- Bleed log use, management, and reporting is picking up steam as well. There are several mobile apps, such as Audaire and MicroHealth, and some HTCs use home-grown apps. Regardless of which app you use, the data is relevant to excellence in patient care and can prove to be of benefit when seeking access to a payer network.
- Payers and PBMs continue to focus on accreditation, though there is variety across the marketplace for what payers require. As payers, PBMs and pharmacies continue to vertically integrate, it may be in the best interest of your HTC pharmacy practice to take a closer look at seeking accreditation.
Notes from the Community
HTC Patients Highly Satisfied with HTC 340B Programs Nationwide
By Judith Baker, DrPH, MHSA; Susan Lattimore, RN; Rick Shearer and Merilee Ashton, Steering Committee
The first-ever nationwide data on patient satisfaction with Hemophilia Treatment Center 340B programs is now available from the 2nd National HTC Patient Satisfaction Survey (PSS). And it’s very positive.
Over 95% of >2500 HTC patients across the US who use a 340B programs at one of 107 HTCs reported being always or usually satisfied with their HTC 340B program. This is the largest nationally uniform assessment of patient satisfaction with 340B programs ever conducted in the US. The one page report is on the 'news' tab of the National HTC Patient Satisfaction Survey (PSS) website: www.htcsurvey.com
Over 4700 people answered the 2nd national survey that was conducted spring-summer 2018. Over 95% reported being ‘always’ or ‘usually’ satisfied with overall HTC care, similar to the first PSS when >5000 patients participated in 2015. Data are also available on satisfaction with HTC core team members, services and care processes. Problems posed by insurance and language are also reported.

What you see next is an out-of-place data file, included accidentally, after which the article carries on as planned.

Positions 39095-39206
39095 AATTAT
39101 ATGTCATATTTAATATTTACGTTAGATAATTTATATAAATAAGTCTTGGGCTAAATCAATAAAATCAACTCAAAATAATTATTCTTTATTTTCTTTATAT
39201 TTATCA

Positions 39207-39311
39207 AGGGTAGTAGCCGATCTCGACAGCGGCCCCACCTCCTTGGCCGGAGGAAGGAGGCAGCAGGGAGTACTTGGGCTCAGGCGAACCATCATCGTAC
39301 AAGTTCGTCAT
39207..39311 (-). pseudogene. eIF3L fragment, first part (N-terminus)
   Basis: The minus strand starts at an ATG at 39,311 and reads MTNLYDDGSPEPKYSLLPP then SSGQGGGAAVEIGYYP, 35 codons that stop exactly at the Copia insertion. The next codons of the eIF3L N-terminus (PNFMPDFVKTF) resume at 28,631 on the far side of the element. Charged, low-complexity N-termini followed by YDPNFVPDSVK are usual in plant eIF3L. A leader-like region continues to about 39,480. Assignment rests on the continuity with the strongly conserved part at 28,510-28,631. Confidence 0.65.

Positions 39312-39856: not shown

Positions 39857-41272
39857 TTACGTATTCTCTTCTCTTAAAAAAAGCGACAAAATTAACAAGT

One page articles, and posters presented at regional and national conferences, are in the PSS website’s news section as well. If you do use these as part of your education materials or other communiques, please attribute / acknowledge the “National Patient Satisfaction Survey of U.S. Hemophilia Treatment Centers” as the source and give the website address.
We thank all patients who shared their voices and experience with their HTC. We thank all the HTCs, and you, our partners, for promoting the PSS.
Please share this data with your leadership, constituents, and stakeholders. If you have questions, please contact me or HTCSurvey@ucdenver.edu.
23rd Annual Social Worker Conference
Linda Gammage Social Worker Conference
The Hemophilia Alliance is proud to announce the 23rd Annual Linda Gammage Social Worker Conference scheduled for arrival on Wednesday February 26th to Friday February 28th in San Diego, California. This is a clinical conference specifically intended for Social Workers with direct clinical responsibility in the bleeding-disorders field. This two-day event will require a commitment of arrival on Wednesday February 26th and departing after 1 pm on Friday February 28th, 2020. Travel expenses will be paid for by the Hemophilia Alliance. The Hemophilia Alliance will underwrite each participant’s air travel, transfers to and from the hotel, conference hotel accommodations (room and tax) and the group meal expenses. Qualified applicants will be chosen from the pool of applicants*. Information about applying will be sent out at a later date.
This year’s conference will focus on Managing Opioid Addiction and Pain Management in the Bleeding Disorder Patient. Exploring alternative methods without the use of narcotics for managing joint and arthritic pain will be addressed.
Team Alliance Contact Information
We work for you! Please don’t hesitate to contact any of us with any questions or concerns: